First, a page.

top of page

We’ve Got Your Oscars Pre-Game Right Here

Updated: Mar 25


Ahead of Sunday evening’s Academy Awards ceremony, we rounded up an esteemed cast of creators, journalists, and executives to get real about this year’s Oscar hopefuls.

UpRising: In your opinion, what makes for an award-worthy performance?

Nekesa Mumbi Moody (Co-Editor-in-Chief, The Hollywood Reporter): A great performance stays with you. You can't stop talking about it. It's something that makes you recommend that movie. The performance really lifts the movie. It captivates you. You’re spellbound by it.

Trey Mangum (Managing Editor, Shadow & Act/Blavity): That one monologue or bit of dialogue where it just stands out. I think that’s what led America Ferrera to her [Best Supporting Actress] nomination [for Barbie]. Of course Ryan Gosling got nominated [for Best Supporting Actor] and Margot Robbie didn’t [get nominated for Best Actress]. Barbie was a cultural moment, but what you're going to remember is when Ken became radicalized and went back to Barbie World. Margot had a great performance—but what's her moment? America's monologue is indicative of those standout moments.

What are some other scenes or sequences from this past year that have stuck with you since you saw it?

Aristotle Torres (Director/Co-Writer, Story Ave): Off top, the beginning of Killers of the Flower Moon, where [Martin] Scorsese goes into the slow-motion frame rate of when the Osage Tribe discovers oil. I thought that was a really beautiful and effective character introduction and worldbuilding. There's an overhead shot of them all in a circle; those frames and sequences really establish the tone. And it does a lot of heavy lifting for the viewers, because they understand the pacing going into the film. It said so much without any dialogue.

One thing I really loved about Poor Things is when they go to an eight-millimeter or 16-millimeter fisheye sequence. That choice of shot represents adolescence. Every time we cut to that perspective, it's to remind the audience of Emma [Stone]'s character's innocence. After her surgery, she’s playing the piano—smashing the keys with her feet—and we see this sequence through this fisheye angle. I thought that was really smart.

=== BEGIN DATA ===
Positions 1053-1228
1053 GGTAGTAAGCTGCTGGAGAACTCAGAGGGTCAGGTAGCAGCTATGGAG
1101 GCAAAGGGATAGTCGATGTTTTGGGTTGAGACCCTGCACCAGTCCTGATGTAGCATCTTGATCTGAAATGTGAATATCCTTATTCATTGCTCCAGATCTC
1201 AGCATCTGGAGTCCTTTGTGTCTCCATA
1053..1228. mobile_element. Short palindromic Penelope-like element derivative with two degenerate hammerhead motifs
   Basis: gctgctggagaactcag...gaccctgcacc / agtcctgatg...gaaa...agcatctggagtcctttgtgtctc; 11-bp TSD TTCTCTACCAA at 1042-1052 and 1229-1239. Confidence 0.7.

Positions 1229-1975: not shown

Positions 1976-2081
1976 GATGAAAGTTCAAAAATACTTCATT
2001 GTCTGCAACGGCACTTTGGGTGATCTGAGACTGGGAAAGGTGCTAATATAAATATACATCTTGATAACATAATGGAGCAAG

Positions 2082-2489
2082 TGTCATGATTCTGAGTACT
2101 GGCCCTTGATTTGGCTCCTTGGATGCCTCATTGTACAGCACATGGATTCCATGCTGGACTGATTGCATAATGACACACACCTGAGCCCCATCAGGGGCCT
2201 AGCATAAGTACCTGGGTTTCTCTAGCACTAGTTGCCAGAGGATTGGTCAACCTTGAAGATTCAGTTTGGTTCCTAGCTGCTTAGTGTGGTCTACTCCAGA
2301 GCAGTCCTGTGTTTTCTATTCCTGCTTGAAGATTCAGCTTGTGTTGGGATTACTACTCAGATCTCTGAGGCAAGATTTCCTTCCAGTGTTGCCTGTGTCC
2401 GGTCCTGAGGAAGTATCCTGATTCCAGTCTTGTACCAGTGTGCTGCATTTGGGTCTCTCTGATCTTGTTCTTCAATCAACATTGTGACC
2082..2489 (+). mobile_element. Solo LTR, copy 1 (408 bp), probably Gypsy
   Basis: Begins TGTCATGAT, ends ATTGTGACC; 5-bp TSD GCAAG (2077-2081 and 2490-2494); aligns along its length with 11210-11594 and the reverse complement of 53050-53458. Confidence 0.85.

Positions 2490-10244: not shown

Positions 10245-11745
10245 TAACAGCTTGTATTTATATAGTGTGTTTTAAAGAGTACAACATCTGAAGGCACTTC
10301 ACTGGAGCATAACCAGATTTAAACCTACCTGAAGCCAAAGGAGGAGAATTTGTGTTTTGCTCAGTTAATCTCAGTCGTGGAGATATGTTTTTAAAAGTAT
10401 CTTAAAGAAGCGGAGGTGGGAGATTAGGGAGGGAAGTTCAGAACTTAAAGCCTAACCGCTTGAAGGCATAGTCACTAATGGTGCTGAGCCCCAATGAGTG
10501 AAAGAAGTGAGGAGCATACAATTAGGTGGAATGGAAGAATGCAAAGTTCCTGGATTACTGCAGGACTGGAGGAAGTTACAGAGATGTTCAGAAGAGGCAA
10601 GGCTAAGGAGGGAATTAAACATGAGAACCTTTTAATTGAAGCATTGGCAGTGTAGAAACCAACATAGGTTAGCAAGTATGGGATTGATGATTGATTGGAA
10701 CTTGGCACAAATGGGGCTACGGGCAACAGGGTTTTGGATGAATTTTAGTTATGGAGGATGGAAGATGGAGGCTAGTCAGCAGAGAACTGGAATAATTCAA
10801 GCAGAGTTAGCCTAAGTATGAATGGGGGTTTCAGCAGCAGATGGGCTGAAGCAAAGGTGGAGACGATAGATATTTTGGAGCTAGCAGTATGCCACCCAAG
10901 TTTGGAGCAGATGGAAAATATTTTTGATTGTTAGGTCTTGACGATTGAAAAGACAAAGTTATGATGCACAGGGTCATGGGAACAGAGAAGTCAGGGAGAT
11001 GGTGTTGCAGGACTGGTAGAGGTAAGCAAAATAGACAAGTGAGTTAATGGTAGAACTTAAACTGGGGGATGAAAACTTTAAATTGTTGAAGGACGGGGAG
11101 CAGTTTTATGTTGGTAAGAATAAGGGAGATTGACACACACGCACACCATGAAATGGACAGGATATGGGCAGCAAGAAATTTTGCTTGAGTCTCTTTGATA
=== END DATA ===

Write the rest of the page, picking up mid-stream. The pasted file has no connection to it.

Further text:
James Lopez (President, MACRO Film Studios): In Past Lives, when our lead female character says goodbye to her childhood love on the street, she walks back towards her brownstone where her husband is waiting for her, and she just collapses in his arms and cries. It made me wonder what all those characters are feeling in that moment and what Celine [Song] intended when she wrote it. Is she crying because she settled [and] didn't go with her heart? The sadness and sense of loss made me wonder, how's that couple going to move forward? How did he feel about that? You're hugging your wife, who's crying over this guy. There's a lot of complicated emotions in that scene.

What was your favorite performance to watch from any of the Oscar nominees?

Moody: Danielle Brooks was amazing [in The Color Purple] because she took a role that was so iconic and made it her own, which is incredibly difficult. The scene in the jail, [she] just took it in a different way. She was great. Paul Giamatti’s role in The Holdovers was heartbreaking in many ways, but he played that character so well. It just shows his range and depth. I love Lily Gladstone, her performance [in Killers of the Flower Moon] blew me away. 

Mangum: Definitely Sterling K. Brown, from American Fiction. As soon as that movie premiered, it immediately dove into the conversation—and kept going, against many formidable opponents. When we think about films with a Black-led cast, I don't think during the fall we would've said American Fiction would've been that movie. If there were a Best Supporting Actress [nominee] from that film, it would've been Erika Alexander. But Sterling K. Brown and Colman Domingo are having those moments where the timing was right for them to receive nominations. One performance I would've liked to see recognized [for Best Lead Actress] is Teyana Taylor from A Thousand and One.

Moody: What I loved about Nyad is that Annette Bening’s character is actually kind of annoying [laughs], but it's something you can't look away from. Da'Vine [Joy Randolph] made you emotional watching her in The Holdovers. Dominic Sessa—he's not nominated—but he's so great that my annoyance with the character just carried over. It was just like, “Oh my God, that kid was so annoying!” But it shows how great he was. Cillian Murphy and Leonardo DiCaprio in Flowers of the Killer MoonJeffrey Wright—his performance kind of just sat with you. To me, it was understated, but brilliant. Sterling K. Brown—it was just such a different take for him, but hilarious and also touching and poignant. Colman Domingo in Rustin blew me away.